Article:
I recently purchased a Y510 with a T2330. I realize that if one were to upgrade their processor it would void the warranty so lets keep this as a hypothetical scenario. Now, i realize that since this model is available with both T5450 and T5550 socket p processors that there should be no issue with compatablilty there.
Does anyone know if the system could be upgraded to the T7**0 or the newer T8**0 or T9**0 (800Mhz 45nm) processors?
I know they are compatable with the intel chipset but am unsure about whether the drivers available would be available to support it? If only some processors are compatable with the Lenovo bios which cpu's are supported?
I am also curious about the answer to your first question.
To answer your second question however, the chipset is limited to 667 ram but is capable of 800mhz processors, its not a 1:1 ratio which is the same situation for most desktops where you can run a 1333 processor with 800mhz ram.
I was not surprised by his response because there laptops 'should' be capable of using any current socket p processor, i was just concerned that lenovos bios would not be using the full potential of the intel chipset.
If any of the notebook hardware gurus would care to provide a suggested list of available CPUs that could be easily dropped into the Lenovo Y510 I think many of us would be most appreciative. I realize it isn't an upgrade for the faint-hearted. But then some of us are natural born riverboat gamblers anyway.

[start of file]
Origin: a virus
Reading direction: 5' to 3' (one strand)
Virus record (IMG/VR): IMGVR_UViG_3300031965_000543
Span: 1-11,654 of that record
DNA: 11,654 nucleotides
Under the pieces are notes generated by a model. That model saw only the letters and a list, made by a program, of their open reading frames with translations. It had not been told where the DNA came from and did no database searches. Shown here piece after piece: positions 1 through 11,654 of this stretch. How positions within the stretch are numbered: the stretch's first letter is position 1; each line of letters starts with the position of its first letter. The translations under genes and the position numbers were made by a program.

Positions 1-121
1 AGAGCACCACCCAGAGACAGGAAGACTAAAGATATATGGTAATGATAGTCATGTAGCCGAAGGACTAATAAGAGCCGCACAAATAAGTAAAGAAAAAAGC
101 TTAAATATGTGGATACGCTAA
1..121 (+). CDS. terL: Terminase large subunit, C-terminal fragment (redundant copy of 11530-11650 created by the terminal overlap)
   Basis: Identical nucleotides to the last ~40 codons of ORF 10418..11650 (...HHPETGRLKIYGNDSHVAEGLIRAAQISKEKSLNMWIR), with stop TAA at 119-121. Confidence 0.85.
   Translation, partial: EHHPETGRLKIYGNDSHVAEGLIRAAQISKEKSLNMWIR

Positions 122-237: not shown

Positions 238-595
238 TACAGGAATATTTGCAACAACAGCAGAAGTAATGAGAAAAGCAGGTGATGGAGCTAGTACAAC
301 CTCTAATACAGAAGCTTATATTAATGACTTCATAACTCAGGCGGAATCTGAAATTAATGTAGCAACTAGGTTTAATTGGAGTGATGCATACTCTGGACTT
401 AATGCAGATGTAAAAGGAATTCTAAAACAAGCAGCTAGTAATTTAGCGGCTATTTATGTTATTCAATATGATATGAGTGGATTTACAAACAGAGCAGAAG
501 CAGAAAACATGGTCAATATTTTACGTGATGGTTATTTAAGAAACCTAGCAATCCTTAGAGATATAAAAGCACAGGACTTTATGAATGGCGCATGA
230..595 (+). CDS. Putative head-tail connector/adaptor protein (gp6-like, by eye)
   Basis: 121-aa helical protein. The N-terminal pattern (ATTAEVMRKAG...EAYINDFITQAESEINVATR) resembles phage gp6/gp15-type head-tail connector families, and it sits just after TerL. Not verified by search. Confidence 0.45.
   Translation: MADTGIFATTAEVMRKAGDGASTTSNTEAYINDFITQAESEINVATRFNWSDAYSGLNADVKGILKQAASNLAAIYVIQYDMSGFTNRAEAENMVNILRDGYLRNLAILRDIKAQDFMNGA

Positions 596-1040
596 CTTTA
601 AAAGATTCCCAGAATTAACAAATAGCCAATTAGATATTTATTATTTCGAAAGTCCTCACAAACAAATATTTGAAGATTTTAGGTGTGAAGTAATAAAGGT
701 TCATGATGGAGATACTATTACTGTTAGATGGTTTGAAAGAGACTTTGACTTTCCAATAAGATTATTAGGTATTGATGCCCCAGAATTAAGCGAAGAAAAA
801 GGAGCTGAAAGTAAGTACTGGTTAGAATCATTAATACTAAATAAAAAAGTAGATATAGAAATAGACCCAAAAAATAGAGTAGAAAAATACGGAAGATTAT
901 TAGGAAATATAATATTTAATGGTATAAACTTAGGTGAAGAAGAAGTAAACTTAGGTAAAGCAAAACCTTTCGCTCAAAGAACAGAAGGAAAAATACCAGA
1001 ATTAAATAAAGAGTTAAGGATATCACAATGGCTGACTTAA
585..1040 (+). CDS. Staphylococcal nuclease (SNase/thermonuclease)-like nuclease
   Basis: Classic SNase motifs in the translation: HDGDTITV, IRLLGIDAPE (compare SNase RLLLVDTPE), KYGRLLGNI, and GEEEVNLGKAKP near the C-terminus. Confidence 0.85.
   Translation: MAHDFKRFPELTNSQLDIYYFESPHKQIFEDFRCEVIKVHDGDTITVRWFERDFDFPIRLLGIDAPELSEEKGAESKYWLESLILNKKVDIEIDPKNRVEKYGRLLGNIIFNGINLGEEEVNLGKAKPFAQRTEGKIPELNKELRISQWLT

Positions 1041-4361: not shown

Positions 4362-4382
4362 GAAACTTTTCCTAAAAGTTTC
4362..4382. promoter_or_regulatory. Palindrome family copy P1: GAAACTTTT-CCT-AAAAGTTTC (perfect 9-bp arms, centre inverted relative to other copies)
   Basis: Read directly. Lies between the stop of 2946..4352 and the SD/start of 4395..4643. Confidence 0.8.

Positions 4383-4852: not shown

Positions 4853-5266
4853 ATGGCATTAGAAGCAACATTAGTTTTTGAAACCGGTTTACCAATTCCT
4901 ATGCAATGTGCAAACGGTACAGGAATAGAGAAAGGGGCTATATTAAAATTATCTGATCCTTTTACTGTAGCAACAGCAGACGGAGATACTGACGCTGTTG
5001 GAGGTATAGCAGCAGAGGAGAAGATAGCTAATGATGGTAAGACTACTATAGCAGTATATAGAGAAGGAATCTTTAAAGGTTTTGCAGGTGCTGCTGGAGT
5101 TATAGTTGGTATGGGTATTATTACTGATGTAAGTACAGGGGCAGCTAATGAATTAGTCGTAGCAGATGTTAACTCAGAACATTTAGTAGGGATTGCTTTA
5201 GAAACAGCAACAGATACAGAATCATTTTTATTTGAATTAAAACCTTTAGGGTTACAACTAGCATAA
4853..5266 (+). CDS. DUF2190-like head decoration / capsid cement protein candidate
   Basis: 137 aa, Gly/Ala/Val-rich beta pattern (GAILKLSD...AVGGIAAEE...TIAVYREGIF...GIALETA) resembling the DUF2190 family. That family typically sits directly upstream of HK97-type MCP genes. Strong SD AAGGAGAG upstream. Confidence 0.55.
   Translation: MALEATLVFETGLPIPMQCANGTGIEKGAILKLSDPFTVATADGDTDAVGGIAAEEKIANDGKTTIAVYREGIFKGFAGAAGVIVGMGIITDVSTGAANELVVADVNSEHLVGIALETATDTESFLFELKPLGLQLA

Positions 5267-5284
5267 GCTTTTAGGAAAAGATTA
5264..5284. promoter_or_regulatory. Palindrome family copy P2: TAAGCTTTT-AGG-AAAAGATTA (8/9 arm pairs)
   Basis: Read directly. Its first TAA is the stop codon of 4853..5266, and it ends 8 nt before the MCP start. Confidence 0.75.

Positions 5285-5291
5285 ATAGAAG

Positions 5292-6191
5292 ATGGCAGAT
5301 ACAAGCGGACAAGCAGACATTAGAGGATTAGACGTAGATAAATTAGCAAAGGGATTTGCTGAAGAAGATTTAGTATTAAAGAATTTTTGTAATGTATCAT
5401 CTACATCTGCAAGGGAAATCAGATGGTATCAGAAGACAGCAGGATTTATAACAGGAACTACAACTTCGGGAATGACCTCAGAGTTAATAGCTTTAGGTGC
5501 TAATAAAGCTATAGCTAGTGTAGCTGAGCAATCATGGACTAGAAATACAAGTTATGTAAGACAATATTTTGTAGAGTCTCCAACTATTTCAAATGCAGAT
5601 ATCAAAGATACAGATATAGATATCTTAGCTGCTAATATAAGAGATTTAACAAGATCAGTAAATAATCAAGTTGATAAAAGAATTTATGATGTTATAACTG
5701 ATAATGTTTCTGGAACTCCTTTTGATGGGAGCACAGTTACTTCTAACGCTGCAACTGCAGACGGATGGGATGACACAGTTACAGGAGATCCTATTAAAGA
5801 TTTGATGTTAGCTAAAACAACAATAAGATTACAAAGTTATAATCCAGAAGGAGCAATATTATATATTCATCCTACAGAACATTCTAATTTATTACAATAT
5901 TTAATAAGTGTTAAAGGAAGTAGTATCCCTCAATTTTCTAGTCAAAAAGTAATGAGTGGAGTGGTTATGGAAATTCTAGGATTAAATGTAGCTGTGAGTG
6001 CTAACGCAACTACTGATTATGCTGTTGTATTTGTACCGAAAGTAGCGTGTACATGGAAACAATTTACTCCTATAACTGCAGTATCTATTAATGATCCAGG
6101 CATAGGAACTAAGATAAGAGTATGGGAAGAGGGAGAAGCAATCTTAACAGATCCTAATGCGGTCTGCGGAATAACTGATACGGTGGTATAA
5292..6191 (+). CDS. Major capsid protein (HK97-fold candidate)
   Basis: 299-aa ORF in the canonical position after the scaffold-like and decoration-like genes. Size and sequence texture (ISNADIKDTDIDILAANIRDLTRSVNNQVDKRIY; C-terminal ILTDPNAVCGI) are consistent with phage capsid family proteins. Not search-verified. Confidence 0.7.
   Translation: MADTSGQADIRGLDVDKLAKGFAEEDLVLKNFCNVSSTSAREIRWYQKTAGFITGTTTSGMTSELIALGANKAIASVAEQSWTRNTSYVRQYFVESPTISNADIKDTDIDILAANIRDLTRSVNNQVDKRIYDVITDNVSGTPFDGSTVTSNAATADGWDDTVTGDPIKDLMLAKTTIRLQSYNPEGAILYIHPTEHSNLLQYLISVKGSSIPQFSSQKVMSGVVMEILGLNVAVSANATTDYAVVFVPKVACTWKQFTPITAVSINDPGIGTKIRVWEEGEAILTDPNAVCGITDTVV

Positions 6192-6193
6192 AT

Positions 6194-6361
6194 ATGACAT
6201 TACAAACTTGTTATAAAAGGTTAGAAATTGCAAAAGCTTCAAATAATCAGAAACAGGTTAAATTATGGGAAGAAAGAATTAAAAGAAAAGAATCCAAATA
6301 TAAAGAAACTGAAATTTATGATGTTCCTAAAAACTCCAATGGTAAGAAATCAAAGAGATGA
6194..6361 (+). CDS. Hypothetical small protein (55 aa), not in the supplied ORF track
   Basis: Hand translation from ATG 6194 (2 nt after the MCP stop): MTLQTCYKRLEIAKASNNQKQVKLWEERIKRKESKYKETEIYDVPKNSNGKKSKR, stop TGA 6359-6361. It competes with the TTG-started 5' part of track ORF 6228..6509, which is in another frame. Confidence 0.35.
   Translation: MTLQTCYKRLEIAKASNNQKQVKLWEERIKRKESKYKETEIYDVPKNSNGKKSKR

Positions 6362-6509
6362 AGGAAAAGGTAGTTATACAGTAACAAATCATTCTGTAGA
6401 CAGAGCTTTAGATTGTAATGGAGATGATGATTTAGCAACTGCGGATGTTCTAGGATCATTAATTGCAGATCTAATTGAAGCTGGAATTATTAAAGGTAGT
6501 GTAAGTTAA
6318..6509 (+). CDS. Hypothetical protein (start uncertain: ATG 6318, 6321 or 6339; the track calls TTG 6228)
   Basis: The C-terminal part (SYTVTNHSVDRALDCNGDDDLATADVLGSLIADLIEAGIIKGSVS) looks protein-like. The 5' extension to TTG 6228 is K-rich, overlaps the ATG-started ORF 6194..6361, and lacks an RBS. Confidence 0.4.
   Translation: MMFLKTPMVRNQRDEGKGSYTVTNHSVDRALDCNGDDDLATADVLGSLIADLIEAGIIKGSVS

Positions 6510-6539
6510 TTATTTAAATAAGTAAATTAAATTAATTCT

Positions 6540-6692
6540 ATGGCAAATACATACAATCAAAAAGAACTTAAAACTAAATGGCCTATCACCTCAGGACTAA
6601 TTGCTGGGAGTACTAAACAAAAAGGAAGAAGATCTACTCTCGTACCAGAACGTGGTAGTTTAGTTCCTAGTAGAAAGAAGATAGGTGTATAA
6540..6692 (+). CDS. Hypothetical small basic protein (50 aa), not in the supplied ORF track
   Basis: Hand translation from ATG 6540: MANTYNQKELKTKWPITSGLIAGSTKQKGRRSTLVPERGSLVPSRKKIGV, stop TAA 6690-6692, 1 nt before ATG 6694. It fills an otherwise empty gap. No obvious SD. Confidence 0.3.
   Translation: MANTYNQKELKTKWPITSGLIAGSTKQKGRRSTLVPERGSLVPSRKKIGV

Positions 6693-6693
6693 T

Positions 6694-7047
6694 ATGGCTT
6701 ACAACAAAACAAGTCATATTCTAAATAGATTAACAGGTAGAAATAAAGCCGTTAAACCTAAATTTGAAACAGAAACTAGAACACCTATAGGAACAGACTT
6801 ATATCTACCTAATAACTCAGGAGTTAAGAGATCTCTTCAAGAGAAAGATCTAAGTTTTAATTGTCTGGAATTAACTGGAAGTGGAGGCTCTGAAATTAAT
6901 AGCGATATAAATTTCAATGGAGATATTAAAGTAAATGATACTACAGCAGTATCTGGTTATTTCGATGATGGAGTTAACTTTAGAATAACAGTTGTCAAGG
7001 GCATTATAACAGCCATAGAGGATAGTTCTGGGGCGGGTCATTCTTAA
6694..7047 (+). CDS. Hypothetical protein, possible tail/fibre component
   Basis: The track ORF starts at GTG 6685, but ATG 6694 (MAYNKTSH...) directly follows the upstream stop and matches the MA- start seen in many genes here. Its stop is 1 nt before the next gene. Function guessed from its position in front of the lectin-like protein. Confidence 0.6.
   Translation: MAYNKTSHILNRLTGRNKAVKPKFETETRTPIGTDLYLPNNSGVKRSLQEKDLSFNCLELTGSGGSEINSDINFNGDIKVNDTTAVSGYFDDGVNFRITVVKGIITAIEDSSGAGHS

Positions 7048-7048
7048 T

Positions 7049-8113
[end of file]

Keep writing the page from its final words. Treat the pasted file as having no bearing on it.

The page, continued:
My Y510 (from Office Depot) came with a T2330 CPU at 1.6Ghz. Some others I've seen reviewed apparently came with a T5450 CPU at 1.66Ghz. Perhaps there are other options as well. Would this computer support a 2.4Ghz cpu? If so, which one? I'm particularly interested in CPUs with larger L2 caches and perhaps faster clock speeds.
What would be great would be firm knowledge that say, something like a T7200 or T7800 or T9300 could be simply swapped into the cpu socket and all would be well with no bios tinkering required. The cost of these upgrades is a bit prohibitive for experimental purposes. But if I knew without a doubt that the T9300 would work without compromise I'd likely save up some coins and buy one real soon. 2.5Ghz and 6Mb L2 cache would surely be worthwhile!
I'm not suggesting that I'm ready to do this upgrade. But it would be a welcome "plan B" option should I feel the need for added performance in the future.
I got my IdeaPad from J&R Music World--www.jr.com with the Intel Penryn T8100 processor. Working really well. I sometimes wish the screen was not so reflective though. It would also be nice if Lenovo updated their product page to reflect that processor..
My T9300 cpu arrived today from NewEgg. The cpu swap on my T2330 based Y510 went smoothly. I did apply some thermal paste on the heat sink contact area to get a good thermal connection. Buttoned it up (whole operation took about 20 minutes) and held my breath while I turned it on. The words "LENVOVO" never meant more than they did on the boot screen. It was ALIVE! It booted up and gave a "new hardware detected" message and indicated it was installing the device driver. When completed, it stated that a restart was required.